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Smithsonian’s Asian art

The Smithsonian’s photographer Neil Greentree works on digitising the collection. Photo: Hutomo Wicaksono, Freer and Sackler Galleries, Smithsonian.

Julia Halperin, Smithsonian’s Asian art collection goes online, The Art Newspaper, 15 December 2014

More than 40,000 works have been digitised and will be fully accessible to the public in the New Year

The Smithsonian’s museums of Asian art in Washington, DC, are due to release their entire collections online on 1 January 2015. More than 40,000 works, from ancient Chinese jades to 13th-century Syrian metalwork and 19th-century Korans, will be accessible through high-resolution images without copyright restrictions for non-commercial use. The vast majority—nearly 35,000 objects—have never been seen by the public.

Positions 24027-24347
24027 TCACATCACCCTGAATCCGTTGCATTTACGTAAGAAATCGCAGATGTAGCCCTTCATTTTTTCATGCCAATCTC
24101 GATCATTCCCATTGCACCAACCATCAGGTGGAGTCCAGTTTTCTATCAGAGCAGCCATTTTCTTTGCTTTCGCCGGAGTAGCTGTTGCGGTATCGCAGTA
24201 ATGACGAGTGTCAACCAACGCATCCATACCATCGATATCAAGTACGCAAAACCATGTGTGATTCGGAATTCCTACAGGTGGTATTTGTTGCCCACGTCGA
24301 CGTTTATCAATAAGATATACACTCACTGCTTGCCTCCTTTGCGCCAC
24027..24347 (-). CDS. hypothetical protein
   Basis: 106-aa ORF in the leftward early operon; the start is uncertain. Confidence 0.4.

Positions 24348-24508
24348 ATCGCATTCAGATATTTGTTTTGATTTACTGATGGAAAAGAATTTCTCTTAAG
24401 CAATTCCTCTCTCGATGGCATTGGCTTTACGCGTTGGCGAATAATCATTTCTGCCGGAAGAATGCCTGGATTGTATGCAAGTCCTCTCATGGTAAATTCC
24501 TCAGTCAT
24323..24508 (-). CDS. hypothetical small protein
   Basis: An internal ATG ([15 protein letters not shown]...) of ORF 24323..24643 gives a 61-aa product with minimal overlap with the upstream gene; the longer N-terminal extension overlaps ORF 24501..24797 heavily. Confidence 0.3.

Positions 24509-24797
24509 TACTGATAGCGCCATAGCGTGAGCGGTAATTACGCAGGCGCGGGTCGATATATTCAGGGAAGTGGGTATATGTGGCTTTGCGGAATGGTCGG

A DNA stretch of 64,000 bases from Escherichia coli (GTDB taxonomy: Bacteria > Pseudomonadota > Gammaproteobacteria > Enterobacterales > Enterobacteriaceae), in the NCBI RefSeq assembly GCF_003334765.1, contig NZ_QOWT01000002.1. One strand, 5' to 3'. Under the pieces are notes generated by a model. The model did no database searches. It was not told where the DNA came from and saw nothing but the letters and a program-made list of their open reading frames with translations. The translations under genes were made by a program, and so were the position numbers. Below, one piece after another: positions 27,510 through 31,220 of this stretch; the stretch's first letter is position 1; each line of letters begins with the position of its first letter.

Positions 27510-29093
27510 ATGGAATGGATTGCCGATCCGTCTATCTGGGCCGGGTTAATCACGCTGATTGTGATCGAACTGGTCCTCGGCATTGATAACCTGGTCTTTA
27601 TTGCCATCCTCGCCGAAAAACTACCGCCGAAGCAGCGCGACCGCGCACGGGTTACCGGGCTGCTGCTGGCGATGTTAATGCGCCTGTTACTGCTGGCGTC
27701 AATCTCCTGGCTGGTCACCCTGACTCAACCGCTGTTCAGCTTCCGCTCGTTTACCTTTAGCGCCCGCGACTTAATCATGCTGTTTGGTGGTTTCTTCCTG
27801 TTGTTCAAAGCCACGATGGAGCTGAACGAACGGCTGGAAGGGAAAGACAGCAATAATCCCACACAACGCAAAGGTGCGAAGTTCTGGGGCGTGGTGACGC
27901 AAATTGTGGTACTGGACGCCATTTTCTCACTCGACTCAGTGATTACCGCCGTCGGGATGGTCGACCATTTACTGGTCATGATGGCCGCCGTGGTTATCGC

The Freer Gallery of Art and the Arthur M. Sackler Gallery are the first Smithsonian museums and the only Asian art museums to complete the labour-intensive process of digitising and releasing their entire collections online. The project, completed over the past several years, is “driven in part by our director, in part by the Smithsonian’s digitisation efforts, and in part by President Obama’s push for open access of federal data”, says a spokeswoman. The endeavour required 6,000 staff-hours in the past year alone and resulted in more than 10 terabytes of data.